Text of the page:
Saturday, November 22, 2014

Three Ways to Give Your Students a Voice in the Classroom

Gone are the days that teachers stood in front of the room and taught the entire class a lesson while the students sat in their desks and listened quietly...or are they?  Sadly, this is not the case.  Many classrooms still focus on discipline, control, and fact based learning even though our students today are making it abundantly clear that this isn't working.

After becoming a connected educator and realizing that I didn't have to continue to teach at my students but could learn with them, I began to see that they want to learn.  They want to share ideas, thoughts, and even their feelings about what is going on in the classroom.  But they are waiting for the opportunity.  They are waiting for someone...anyone, to ask them for their feedback.

I wanted to take some time to share three easy ways that I give my students voice in my classroom. I am by no means an expert on the topic but I have found that by using these strategies, my classroom has become a place that my students want to be.  They feel welcomed, comfortable, and know that they are valued.

1.  Ask them.
The best way to give students voice in the classroom is to ask questions.  Ask for feedback after your lesson.  Give them an opportunity to share what worked and what didn't work.  This can be done with exit tickets or even a quick survey using Socrative or PollEverywhere.

Rebecca Alber wrote a great post titled 5 Powerful Questions Teachers Can Ask Students in which she shares how to ask simple, but meaningful questions in your classroom.  She also addresses tone and ensuring that students feel like we are asking the question sincerely and not trying to make a statement.

Ask your students how they learn best.  Give them an opportunity to find how they learn best by offering a variety of activities.  Encourage them to pay attention to their engagement level and share why or why not they feel like they've learned during a particular activity or lesson.

Believe it or not, students are willing to assess their own learning.  They know, better than anyone, if a lesson was successful or a complete waste of time.   Sometimes, as teachers, we are afraid to ask for their feedback because we don't like criticism.  However, I would much rather know what works for my students than spend day after day doing things that aren't working.

2.  Listen to them.
If you ask your students for their feedback or ideas but don't listen, then it was all for nothing.  When students share their thoughts, it's so important that we really listen to them and act on what they have shared.

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So often when students are sharing, we are thinking about how we are going to reply.  We focus on what we will say, how we will react, or what we will do.  Instead of focusing on our reply, we should be listening to understand our students...understand how they are feeling, understand what they are sharing, and understand where they are coming from.

You can show students that are you are listening by taking their suggestions seriously.  If students say that a particular concept is not coming across clearly, try something different.  Make an effort to understand their perspective and why they are having difficulty understanding.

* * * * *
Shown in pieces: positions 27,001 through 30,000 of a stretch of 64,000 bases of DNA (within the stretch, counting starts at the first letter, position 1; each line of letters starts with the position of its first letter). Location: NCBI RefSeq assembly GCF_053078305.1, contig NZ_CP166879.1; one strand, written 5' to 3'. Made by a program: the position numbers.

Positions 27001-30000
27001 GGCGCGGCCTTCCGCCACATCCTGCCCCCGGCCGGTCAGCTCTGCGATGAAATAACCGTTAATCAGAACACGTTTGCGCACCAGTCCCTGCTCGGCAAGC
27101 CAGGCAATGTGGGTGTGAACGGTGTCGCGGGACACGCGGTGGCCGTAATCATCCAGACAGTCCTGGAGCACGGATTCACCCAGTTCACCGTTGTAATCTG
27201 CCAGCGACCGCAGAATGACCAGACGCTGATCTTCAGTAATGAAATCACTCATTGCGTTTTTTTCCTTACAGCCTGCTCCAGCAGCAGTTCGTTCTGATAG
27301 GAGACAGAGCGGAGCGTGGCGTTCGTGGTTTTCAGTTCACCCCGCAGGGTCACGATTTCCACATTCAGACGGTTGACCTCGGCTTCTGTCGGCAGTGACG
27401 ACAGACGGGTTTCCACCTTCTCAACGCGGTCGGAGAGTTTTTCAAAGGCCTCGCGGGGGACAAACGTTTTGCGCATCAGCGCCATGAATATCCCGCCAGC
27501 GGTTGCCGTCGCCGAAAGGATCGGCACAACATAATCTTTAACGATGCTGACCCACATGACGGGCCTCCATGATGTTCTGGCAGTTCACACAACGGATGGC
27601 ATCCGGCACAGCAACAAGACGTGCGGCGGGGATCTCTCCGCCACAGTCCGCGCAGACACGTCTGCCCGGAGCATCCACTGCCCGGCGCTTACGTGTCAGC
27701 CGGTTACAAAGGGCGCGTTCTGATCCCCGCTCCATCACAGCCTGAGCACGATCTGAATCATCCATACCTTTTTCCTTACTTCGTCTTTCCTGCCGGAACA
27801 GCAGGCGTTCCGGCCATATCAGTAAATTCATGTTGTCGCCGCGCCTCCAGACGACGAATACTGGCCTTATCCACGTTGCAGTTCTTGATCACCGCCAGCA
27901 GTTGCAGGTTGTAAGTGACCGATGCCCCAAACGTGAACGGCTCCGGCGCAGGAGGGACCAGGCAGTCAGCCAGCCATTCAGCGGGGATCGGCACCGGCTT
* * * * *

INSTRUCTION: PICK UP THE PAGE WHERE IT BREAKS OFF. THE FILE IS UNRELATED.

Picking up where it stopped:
3.  Know them.
Knowing your students well is so important if you want to provide a meaningful and engaging learning environment for them.  In order to give them what they need, we must have knowledge of what they enjoy, what they don't enjoy, how they learn, and where they come from.

We can get to know our students in so many ways.  Student-teacher conferences are a great way to get to know your students.  Sitting down and talking with them gives them an opportunity to be themselves.  They are able to be "real" and just talk about what is important to them.

Offering choice and paying attention to student choices is another great way to get to know your students.  Genius Hour in my classroom gives me great insight into my students' passions and perspective.  They are willing to share and have meaningful conversations when we are talking about things that are relevant to them.  Giving them choice gives me an opportunity to know my students' preferences when learning.

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Knowing that a student is gifted or a struggling reader is important.  However, knowing what they need in your classroom in order to be successful is more important.  Find out what makes them tick, what inspires them, and what questions they have.

Our students deserve a voice in their learning.  They need to know that they are heard and that we want them to learn in ways that are meaningful for them.  In giving students a voice in the classroom, we give them value.  We give them an opportunity to be responsible and to understand that learning is more than watching someone talk while you pretend to listen.  Real learning is about connecting, engaging, and finding meaning.

Our students know what they need, they know how they learn best.  They are just waiting for an opportunity to speak up and share their voice.  It's time for us, as teachers and the rest of the education community to start listening.


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